Kentucky Preliminary Notice Guide and FAQs

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Kentucky Preliminary Notice FAQs

About Kentucky Preliminary Notices

Kentucky Preliminary Notice Rules
At a Glance


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Preliminary Notices Are Required

Notice to Owner must be given within 75 days of last furnishing labor or materials if contract is $1000 or less. If it is more than $1000, notice must be given within 120 days of last furnishing labor or materials. Always must be provided within 75 days on owner-occupied residential projects.


N/A
GCs Not Required to Send Notice

Preliminary Notice is not required from any party who contracted directly with the property owner.


75 or 120
DAYS
Subcontractors Must Send Notice

Notice to Owner must be given within 75 days of last furnishing labor or materials if contract is $1000 or less. If it is more than $1000, notice must be given within 120 days of last furnishing labor or materials. Always must be provided within 75 days on owner-occupied residential projects.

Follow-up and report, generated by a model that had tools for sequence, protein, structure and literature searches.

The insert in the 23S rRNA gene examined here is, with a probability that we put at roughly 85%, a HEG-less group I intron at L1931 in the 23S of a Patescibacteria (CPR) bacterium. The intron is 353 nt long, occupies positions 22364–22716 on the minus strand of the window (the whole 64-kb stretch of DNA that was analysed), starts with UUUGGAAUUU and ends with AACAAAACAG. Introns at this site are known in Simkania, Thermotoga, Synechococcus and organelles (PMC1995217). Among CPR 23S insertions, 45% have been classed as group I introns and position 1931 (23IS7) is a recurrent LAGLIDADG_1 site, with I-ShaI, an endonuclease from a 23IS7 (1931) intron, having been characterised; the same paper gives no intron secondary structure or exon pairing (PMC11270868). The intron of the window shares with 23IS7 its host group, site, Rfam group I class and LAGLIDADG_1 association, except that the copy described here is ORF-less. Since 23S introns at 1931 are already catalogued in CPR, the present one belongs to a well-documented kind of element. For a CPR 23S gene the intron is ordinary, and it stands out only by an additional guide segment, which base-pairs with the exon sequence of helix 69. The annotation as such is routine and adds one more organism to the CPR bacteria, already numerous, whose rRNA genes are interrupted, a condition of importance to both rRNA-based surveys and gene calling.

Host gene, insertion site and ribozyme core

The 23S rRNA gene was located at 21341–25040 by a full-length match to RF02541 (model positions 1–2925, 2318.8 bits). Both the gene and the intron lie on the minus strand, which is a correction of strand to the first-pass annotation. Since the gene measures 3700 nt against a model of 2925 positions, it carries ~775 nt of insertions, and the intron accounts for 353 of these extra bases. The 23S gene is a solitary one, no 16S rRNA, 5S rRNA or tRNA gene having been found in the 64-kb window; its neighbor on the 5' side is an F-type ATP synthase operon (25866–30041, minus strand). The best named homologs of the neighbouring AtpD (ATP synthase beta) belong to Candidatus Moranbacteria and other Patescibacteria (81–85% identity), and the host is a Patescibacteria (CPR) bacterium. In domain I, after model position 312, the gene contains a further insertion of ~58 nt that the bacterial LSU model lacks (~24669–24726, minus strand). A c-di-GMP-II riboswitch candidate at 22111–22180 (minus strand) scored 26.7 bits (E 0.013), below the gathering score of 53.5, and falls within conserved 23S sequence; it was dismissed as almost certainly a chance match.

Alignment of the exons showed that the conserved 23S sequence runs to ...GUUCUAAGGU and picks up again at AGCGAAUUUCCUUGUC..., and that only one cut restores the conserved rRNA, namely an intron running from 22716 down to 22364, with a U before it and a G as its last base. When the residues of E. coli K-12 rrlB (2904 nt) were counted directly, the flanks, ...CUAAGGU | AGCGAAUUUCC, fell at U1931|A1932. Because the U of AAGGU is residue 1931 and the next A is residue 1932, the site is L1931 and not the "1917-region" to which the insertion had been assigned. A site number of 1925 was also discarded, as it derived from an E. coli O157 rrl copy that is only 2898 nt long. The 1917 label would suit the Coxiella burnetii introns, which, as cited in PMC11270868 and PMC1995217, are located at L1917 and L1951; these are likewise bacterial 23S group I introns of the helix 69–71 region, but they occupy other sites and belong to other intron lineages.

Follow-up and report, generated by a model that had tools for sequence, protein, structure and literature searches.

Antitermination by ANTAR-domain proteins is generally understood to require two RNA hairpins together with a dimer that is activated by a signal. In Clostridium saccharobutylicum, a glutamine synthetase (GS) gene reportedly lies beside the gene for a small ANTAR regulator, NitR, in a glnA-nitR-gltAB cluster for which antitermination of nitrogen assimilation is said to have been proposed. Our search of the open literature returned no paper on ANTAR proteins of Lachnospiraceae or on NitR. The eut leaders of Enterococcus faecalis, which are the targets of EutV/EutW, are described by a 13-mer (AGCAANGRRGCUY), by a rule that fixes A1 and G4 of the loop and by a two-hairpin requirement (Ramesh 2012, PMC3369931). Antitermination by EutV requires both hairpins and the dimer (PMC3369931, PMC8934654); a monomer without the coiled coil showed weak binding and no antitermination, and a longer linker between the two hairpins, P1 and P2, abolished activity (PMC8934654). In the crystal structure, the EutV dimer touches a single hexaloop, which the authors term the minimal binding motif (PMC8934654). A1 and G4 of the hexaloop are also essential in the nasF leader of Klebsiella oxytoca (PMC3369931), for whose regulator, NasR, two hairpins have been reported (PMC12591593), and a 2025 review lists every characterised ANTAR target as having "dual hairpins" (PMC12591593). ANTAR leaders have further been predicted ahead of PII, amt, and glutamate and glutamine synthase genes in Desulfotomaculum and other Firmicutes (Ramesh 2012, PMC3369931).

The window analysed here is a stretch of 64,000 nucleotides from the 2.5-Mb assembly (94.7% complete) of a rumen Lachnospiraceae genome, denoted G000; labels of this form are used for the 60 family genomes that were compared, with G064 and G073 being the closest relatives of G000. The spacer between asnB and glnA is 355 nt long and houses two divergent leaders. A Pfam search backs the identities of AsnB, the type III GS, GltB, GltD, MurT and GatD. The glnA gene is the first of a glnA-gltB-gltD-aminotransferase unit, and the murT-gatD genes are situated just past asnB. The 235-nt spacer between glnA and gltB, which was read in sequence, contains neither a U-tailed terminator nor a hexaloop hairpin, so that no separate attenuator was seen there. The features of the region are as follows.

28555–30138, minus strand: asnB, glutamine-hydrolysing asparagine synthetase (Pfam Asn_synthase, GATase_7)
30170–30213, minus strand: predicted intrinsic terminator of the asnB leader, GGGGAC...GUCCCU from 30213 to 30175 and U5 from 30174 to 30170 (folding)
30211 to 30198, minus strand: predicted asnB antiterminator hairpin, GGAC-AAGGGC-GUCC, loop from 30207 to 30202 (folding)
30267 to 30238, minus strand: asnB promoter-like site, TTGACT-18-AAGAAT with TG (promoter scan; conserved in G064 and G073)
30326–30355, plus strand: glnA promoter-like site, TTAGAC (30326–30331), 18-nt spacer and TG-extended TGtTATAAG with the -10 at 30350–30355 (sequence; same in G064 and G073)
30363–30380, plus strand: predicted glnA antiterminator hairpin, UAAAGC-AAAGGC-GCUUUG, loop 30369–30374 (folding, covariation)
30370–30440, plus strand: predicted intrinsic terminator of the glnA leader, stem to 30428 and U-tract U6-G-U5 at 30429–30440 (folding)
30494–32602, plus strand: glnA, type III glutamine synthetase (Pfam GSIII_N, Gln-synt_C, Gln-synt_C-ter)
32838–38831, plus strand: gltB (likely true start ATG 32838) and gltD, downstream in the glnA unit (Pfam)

75 or 120
DAYS
Suppliers Must Send Notice

Notice to Owner must be given within 75 days of last furnishing labor or materials if contract is $1000 or less. If it is more than $1000, notice must be given within 120 days of last furnishing labor or materials. Always must be provided within 75 days on owner-occupied residential projects.


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Notice Cannot be Sent Late

Failure to send a notice to owner within the required time is fatal to any subsequent lien claim.


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Send to Owner